Tonawanda News — The onset of winter weather this week will delay the opening of the Meadow Drive expansion project in North Tonawanda until the spring.
City Engineer Dale Marshall said much of the project is completed though with two more coats of asphalt needed, the city will instead leave the thoroughfare closed for the several months, with only a few weeks of work left to wrap it up.
“I would like to start up again in April,” he said, adding that more permanent barricades will be put in place in the coming weeks. “But I don’t know what the winter will bring.”
The extension was held up in bureaucratic limbo for years as the city fought off state wetland designation, the purchase of several privately-owned plots and other legal hurdles.
The concept of expanding the street was first discussed in the 1970s, though little movement was made until 2006, when former Rep. Tom Reynolds retrieved a $1.4 million federal grant.
More state funding left the city with an $89,000 contribution for the $1.8 million project that added 3,300 feet to the street that will connect with Erie Avenue.
City officials believe the extension will connect a portion of the city’s business district to Niagara Falls Boulevard, drawing more traffic to the Payne Avenue and downtown area.
The news of the delayed opening comes as the city and its community development arm, fronted by the Lumber City Development Corporation, await the results of the next round of state-funded consolidated grants expected to be released in December.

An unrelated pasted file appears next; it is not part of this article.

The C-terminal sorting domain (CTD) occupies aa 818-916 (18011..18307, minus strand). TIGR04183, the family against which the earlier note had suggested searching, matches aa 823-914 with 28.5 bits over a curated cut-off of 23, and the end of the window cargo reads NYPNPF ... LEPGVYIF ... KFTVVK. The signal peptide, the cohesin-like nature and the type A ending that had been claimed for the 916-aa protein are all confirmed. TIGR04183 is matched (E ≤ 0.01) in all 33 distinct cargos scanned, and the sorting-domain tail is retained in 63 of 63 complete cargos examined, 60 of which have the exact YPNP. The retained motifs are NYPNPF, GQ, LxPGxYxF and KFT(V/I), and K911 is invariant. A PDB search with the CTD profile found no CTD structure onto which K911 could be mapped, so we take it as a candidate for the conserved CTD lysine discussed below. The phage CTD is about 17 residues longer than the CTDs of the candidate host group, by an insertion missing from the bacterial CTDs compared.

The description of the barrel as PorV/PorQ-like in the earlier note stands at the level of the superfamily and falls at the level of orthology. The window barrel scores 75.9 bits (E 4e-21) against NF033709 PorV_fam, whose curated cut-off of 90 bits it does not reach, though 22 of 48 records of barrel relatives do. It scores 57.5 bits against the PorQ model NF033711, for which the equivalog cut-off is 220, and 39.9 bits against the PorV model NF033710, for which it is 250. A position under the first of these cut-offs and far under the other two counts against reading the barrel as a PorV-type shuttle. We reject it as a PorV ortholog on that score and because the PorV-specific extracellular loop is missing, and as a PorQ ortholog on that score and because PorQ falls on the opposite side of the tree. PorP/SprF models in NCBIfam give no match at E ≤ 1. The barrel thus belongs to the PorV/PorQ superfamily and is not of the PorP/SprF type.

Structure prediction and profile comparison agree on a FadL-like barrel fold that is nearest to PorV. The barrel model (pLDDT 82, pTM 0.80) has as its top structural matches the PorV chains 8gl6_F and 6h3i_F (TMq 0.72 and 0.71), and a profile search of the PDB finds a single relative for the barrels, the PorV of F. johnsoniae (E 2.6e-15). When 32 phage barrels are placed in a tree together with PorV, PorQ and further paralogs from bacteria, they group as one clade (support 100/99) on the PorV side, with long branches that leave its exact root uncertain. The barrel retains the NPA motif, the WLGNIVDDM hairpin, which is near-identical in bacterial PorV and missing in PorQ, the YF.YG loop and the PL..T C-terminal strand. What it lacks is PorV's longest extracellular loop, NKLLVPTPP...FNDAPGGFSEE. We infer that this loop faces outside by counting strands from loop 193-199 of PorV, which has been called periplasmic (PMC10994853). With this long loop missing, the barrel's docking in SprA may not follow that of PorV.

North Tonawanda is seeking to pull in $900,000 to fund three projects through the New York State Consolidated Funding Application, a competitive process started by Gov. Andrew Cuomo more than two years ago. The governor announced in May he would release $760 million statewide.
With nearly $1 million hanging in the balance, Mayor Rob Ortt said if the city successfully acquires the state funding it would complete the final portion of the marina, at a cost of approximately $1 million, including dredging and the additional docking. A public restroom and lighting have been added there as well in recent months.
Officials also are eyeing the resuscitation of Oliver Street, once the city’s commercial center, between Wheatfield and Schenck streets, with $200,000 being sought for facade improvements.
North Tonawanda has brought in roughly $5 million in federal and state funding since 2009, including $2 million geared toward the Remington Lofts and Gratwick Riverside Marina, while members of the LCDC have stated that recent development momentum could bold well for the obtainment of more state funding.